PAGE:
See Editorial on Page 1885
Off-therapy durability of response to entecavir therapy in hepatitis B e antigen-negative chronic hepatitis B patients
Article first published online: 17 OCT 2013
© 2013 by the American Association for the Study of Liver Diseases
Volume 58, Issue 6, pages 1888–1896, December 2013
How to Cite
Jeng, W.-J., Sheen, I.-S., Chen, Y.-C., Hsu, C.-W., Chien, R.-N., Chu, C.-M. and Liaw, Y.-F. (2013), Off-therapy durability of response to entecavir therapy in hepatitis B e antigen-negative chronic hepatitis B patients. Hepatology, 58: 1888–1896. doi: 10.1002/hep.26549
Potential conflict of interest: The authors have no financial and personal relationships with other people or organizations that could inappropriately influence (bias) their work. Y.F. Liaw has been involved in clinical trials or served as a global advisory board member of Roche, BMS, Novartis, and Gilead Sciences.
Long-term grant support provided by Chang Gung Medical Research Fund (SMRPG1005, OMRPG380061, CMRPG3A0901) and the Prosperous Foundation, Taipei, Taiwan.
- Issue published online: 26 NOV 2013
- Article first published online: 17 OCT 2013
- Accepted manuscript online: 6 JUN 2013 04:28PM EST
- Manuscript Accepted: 22 MAY 2013
- Manuscript Received: 9 JAN 2013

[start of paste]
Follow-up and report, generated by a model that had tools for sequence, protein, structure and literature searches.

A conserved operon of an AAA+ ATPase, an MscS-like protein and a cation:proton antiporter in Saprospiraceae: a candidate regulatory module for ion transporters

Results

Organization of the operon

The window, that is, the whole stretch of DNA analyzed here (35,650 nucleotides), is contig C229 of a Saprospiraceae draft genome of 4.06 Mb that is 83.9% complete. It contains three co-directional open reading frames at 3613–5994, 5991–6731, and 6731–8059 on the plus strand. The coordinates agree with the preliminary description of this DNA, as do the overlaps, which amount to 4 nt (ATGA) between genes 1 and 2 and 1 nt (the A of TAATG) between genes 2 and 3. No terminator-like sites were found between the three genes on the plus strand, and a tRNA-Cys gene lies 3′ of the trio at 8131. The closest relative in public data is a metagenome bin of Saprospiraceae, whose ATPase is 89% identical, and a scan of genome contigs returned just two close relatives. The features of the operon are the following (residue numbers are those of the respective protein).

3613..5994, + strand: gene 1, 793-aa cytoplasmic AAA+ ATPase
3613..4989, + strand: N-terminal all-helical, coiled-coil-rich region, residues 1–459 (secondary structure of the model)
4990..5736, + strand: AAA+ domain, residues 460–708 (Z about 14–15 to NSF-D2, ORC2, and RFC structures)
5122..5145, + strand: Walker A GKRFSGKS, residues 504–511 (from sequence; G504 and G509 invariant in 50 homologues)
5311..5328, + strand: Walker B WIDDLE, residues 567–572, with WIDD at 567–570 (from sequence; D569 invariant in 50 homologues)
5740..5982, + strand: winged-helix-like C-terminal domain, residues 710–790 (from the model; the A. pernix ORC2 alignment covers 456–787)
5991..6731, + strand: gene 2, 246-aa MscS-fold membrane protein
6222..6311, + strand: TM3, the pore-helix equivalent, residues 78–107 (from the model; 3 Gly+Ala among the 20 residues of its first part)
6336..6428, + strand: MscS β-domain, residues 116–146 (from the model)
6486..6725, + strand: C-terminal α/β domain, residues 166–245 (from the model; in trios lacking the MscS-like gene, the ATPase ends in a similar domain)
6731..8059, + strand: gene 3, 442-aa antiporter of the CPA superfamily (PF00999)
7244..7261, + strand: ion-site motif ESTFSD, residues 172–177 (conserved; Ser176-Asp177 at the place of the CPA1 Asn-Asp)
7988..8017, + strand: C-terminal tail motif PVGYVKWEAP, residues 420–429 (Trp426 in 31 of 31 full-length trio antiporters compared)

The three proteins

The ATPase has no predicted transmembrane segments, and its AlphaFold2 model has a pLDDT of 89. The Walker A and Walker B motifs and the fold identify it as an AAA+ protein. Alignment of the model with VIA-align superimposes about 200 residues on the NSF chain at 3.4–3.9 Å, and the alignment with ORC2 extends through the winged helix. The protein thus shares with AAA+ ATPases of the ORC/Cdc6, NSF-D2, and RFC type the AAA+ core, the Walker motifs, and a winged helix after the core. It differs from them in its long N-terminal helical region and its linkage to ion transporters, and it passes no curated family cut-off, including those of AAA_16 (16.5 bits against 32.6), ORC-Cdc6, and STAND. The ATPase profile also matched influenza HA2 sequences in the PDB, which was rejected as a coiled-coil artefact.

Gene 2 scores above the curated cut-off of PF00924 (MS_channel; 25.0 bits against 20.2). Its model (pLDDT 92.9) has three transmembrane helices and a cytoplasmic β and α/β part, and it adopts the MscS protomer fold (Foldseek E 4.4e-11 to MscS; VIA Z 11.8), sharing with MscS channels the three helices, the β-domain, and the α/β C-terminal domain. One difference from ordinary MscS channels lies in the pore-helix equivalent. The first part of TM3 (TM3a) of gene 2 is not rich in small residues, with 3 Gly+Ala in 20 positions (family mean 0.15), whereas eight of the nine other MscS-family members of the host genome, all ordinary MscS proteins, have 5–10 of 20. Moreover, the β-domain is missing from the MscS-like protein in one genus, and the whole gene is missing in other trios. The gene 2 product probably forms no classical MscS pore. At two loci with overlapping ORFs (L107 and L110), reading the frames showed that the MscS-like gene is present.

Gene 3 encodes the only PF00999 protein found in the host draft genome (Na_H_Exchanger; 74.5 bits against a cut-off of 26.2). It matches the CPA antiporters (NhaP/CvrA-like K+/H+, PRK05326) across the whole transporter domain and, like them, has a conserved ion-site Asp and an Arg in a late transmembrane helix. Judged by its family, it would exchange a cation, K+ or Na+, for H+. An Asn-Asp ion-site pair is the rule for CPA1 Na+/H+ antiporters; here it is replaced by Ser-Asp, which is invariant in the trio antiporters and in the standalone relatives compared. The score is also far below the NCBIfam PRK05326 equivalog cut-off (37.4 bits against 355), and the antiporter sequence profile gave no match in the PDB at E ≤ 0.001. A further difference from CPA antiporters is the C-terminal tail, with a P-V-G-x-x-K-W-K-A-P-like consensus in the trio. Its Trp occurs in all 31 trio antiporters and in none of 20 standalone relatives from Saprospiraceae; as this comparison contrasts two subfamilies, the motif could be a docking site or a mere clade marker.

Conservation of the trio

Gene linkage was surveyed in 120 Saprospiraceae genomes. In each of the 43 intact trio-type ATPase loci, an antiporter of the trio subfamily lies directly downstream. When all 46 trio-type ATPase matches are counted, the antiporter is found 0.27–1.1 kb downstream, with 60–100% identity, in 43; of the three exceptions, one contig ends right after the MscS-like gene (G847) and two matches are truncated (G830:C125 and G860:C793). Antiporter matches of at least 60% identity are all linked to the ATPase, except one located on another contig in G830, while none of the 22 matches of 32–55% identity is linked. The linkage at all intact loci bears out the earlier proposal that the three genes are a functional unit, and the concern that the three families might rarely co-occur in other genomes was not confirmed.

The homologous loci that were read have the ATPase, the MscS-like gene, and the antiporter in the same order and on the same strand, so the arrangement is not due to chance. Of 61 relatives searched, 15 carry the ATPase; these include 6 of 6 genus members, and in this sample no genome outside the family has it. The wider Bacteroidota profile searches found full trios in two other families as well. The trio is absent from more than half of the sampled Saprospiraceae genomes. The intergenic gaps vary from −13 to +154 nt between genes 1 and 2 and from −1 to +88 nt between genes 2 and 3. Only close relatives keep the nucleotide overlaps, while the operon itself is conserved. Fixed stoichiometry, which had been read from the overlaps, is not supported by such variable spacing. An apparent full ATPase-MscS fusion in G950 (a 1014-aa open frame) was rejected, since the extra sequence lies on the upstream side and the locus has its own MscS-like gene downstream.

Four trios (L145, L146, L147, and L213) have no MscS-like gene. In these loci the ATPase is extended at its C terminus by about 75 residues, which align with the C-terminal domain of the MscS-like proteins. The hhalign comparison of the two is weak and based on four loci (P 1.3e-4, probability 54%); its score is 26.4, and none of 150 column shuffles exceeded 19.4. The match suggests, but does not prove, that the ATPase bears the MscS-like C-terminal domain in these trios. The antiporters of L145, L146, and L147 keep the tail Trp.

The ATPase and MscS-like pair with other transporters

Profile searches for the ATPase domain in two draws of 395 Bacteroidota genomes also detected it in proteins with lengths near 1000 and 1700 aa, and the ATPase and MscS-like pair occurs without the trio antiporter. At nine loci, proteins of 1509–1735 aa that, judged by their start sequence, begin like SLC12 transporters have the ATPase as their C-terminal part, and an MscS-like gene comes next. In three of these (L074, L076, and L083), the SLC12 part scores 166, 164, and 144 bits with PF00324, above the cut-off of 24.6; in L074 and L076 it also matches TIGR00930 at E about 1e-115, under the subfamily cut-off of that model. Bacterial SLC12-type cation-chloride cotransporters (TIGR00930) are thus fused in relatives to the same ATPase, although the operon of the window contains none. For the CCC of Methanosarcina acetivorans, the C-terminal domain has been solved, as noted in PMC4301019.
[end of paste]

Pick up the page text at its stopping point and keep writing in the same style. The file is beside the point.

The optimal duration of nucelos(t)ide analog (Nuc) treatment in hepatitis B e antigen (HBeAg)-negative patients with chronic hepatitis B virus (HBV) infection is unknown. The Asian Pacific Association for the Study of the Liver (APASL) guidelines recommend that treatment can be discontinued if undetectable HBV-DNA has been documented on three occasions ≥6 months apart. This study aimed to test this stopping rule in HBeAg-negative chronic hepatitis B (CHB) patients treated with entecavir (ETV). Ninety-five patients (39 cirrhosis) were treated with ETV for a median of 721 (395-1,762) days before stopping therapy and were then monitored with serum HBV DNA and alanine aminotransferase (ALT) at least every 3 months. Within 1 year after stopping ETV therapy, “clinical relapse” (an episode of ALT elevation >2 × upper limit of normal plus HBV-DNA >2,000 IU/mL) occurred in 43 (45.3%) of the 95 patients. Of the 39 cirrhosis patients, 17 (43.6%) relapsed and one (2.6%) developed decompensation. The median duration until relapse was 230 days (74.4% >6 months). Logistic regression analysis showed that baseline HBV-DNA ≤2 × 105 IU/mL was the only significant independent factor for sustained response. The 1-year relapse rate was 29% in patients with a baseline HBV DNA ≤2 × 105 IU/mL versus 53% in those with HBV DNA >2 × 105 IU/mL (P = 0.027). For the latter, consolidation therapy >64 weeks reduced the relapse rate to 33.3% in patients without cirrhosis. Conclusion: With an overall 1-year relapse rate of 45% and 29% in those with a baseline serum HBV DNA ≤2 × 105 IU/mL, the APASL stopping rule for HBeAg-negative CHB patients with proper off-therapy monitoring is adequate even in patients with cirrhosis. Consolidation therapy >64 weeks seems more appropriate for those with higher baseline HBV DNA. (Hepatology 2013; 58:1888–1896)